76.7 F
Charlotte Amalie
Monday, December 5, 2022
HomeNewsLocal newsArbor Day Ceremony Launches 'Trees 4 St. Croix' Project

Arbor Day Ceremony Launches ‘Trees 4 St. Croix’ Project

In the SGVBG nursery, the trees to be distributed in 2020 are being grown. Dewey Hollister, executive director, shows the seedlings that are carefully being cultivated. (Source photo by Linda Morland)

The Trees 4 St. Croix project was launched in an Arbor Day tree-planting ceremony on Friday at St. George Village Botanical Garden. The project aims to grow 6,000 trees during the next six months for distribution to the public at no cost.

The project’s mission is to educate the community about the importance of trees for homes, neighborhoods and towns. Although Arbor Day is a U.S. national holiday on the last Friday in April, other dates are used by various states. In the USVI, Arbor Day is the last Friday in September. Countries throughout the world celebrate Arbor Day.

The Arbor Day ceremony was opened with short comments from Dewey Hollister, the botanical garden’s executive director, and others who talked about the importance of Arbor Day and the Trees 4 St. Croix project. The project has been funded by a grant from the Community Foundation of the Virgin Islands. A tree planting ceremony was held outside the Great Hall where a Cogshall Mango, a dwarf tree, was planted. Two more dwarf mangos will be planted nearby.

The event was a collaboration of the Community Foundation of the Virgin Islands and the University of the Virgin Islands. In addition to growing and distributing trees, a community based initiative to collect seeds of local native trees to deposit in a seed bank was launched. The public is encourage to participate. More information is available at https://sgvbg.org/seedstewards/.

Checking the Cogshall Mango tree that will be planted in honor of USVI Arbor Day are Pat Sellergren, SGVBG board member; Dewey Hollister, SGVBG executive director; and Dee Baecher-Brown of the Community Foundation of the VI. All have been involved in the Trees 4 St. Croix project. (Source photo by Linda Morland)
Advertising (skip)
Advertising (skip)
Advertising (skip)
Advertising (skip)
Advertising (skip)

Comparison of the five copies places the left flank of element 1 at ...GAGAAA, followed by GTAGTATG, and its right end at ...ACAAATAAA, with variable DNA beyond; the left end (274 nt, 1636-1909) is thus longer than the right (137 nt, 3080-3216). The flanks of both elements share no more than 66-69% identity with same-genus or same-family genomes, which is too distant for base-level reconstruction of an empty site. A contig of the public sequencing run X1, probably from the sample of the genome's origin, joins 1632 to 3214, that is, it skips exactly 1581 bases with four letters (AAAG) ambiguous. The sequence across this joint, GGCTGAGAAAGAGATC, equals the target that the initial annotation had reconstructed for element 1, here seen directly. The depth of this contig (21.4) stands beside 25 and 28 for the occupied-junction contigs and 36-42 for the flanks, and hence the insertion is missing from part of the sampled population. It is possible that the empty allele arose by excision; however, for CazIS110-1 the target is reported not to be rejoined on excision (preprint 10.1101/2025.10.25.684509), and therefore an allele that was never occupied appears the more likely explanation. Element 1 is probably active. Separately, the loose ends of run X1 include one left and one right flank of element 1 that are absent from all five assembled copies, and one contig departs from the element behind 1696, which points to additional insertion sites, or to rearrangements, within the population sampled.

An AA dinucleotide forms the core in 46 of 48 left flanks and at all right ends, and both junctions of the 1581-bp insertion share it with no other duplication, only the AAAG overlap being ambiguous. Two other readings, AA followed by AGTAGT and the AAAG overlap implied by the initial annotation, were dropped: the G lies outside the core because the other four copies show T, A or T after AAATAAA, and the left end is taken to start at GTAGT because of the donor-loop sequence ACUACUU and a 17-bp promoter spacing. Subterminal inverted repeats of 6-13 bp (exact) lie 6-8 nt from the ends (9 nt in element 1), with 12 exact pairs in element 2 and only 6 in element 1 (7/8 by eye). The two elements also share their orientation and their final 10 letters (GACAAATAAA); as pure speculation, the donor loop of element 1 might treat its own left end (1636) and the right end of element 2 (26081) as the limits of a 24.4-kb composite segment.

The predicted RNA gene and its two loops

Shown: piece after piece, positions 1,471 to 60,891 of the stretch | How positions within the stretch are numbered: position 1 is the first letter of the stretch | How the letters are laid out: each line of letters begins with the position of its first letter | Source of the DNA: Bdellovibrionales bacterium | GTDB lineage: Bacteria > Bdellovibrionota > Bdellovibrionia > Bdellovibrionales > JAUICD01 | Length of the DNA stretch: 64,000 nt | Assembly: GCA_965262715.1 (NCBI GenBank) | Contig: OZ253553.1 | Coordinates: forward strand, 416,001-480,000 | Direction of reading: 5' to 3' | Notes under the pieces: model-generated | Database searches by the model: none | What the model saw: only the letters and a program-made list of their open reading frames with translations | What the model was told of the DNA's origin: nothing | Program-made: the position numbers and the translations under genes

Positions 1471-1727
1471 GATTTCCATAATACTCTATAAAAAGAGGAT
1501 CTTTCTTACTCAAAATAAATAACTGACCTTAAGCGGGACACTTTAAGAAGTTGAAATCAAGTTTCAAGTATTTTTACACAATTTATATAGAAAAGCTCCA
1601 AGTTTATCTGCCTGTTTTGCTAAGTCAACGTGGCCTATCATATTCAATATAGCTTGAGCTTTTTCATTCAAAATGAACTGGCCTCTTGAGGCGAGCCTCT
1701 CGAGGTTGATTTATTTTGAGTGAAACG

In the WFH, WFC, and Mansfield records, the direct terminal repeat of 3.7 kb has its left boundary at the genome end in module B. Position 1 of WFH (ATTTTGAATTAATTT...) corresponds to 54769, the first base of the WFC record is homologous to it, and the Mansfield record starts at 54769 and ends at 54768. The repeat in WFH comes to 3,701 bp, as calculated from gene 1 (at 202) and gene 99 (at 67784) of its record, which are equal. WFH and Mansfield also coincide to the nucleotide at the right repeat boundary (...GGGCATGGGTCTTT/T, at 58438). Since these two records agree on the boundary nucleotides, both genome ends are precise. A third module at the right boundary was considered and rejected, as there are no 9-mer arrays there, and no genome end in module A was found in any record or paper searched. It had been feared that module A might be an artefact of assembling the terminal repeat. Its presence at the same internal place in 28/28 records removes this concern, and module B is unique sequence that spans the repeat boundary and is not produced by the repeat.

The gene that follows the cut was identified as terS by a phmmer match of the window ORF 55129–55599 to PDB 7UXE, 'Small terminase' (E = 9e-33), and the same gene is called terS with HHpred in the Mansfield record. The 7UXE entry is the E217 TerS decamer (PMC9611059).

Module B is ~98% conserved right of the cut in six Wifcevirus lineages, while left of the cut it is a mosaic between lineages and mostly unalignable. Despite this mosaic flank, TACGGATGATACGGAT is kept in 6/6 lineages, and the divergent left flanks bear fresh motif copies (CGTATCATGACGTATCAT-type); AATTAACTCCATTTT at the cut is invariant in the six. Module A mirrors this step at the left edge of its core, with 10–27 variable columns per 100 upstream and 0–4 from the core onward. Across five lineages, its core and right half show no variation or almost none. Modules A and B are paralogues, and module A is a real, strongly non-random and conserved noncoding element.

Order forms were available for attendees to fill out or take home. More than fifty varieties of trees will be available. Each person can select five for free. Trees may be ordered online or by downloading the form at https://sgvbg.org/trees4stx/. They will be ready for distribution in early 2020. Among the selections are Ginger Thomas, mangos, coconut palms, hog plums, sea grapes, frangipani, calabash, royal palms, avocados and banana trees.

Pictured are a few of the available trees and plants.

Ripening mangos will soon be ready to eat. Although the main season is approximately from May through September, a few trees will bear at different times throughout the year. (Source photo by Linda Morland)
Ginger Thomas (Tecoma Stans) is the national flower of the USVI. (Source photo by Linda Morland)
A late blooming Frangipani shows the beauty of this easily grown tree. (Source photo by Linda Morland)
Sea Grapes begin to ripen on this hardy tree. (Source photo by Linda Morland)
The calabash tree is often grown for its fruits that can be used to make bowls, containers and utensils. (Source photo by Linda Morland)
Royal Palms line the drive at the SGVBG. (Source photo by Linda Morland)
Hog plum trees can become quite large and yield bright orange fruits as shown by this wonderful specimen at SGVBG.  (Source photo by Linda Morland)
Coconut palms are among the trees that can be ordered through Trees 4 St. Croix. (Source photo by Linda Morland)

 

Print Friendly, PDF & Email
Keeping our community informed is our top priority.
If you have a news tip to share, please call or text us at 340-228-8784.




Support local + independent journalism in the U.S. Virgin Islands

Unlike many news organizations, we haven't put up a paywall – we want to keep our journalism as accessible as we can. Our independent journalism costs time, money and hard work to keep you informed, but we do it because we believe that it matters. We know that informed communities are empowered ones. If you appreciate our reporting and want to help make our future more secure, please consider donating.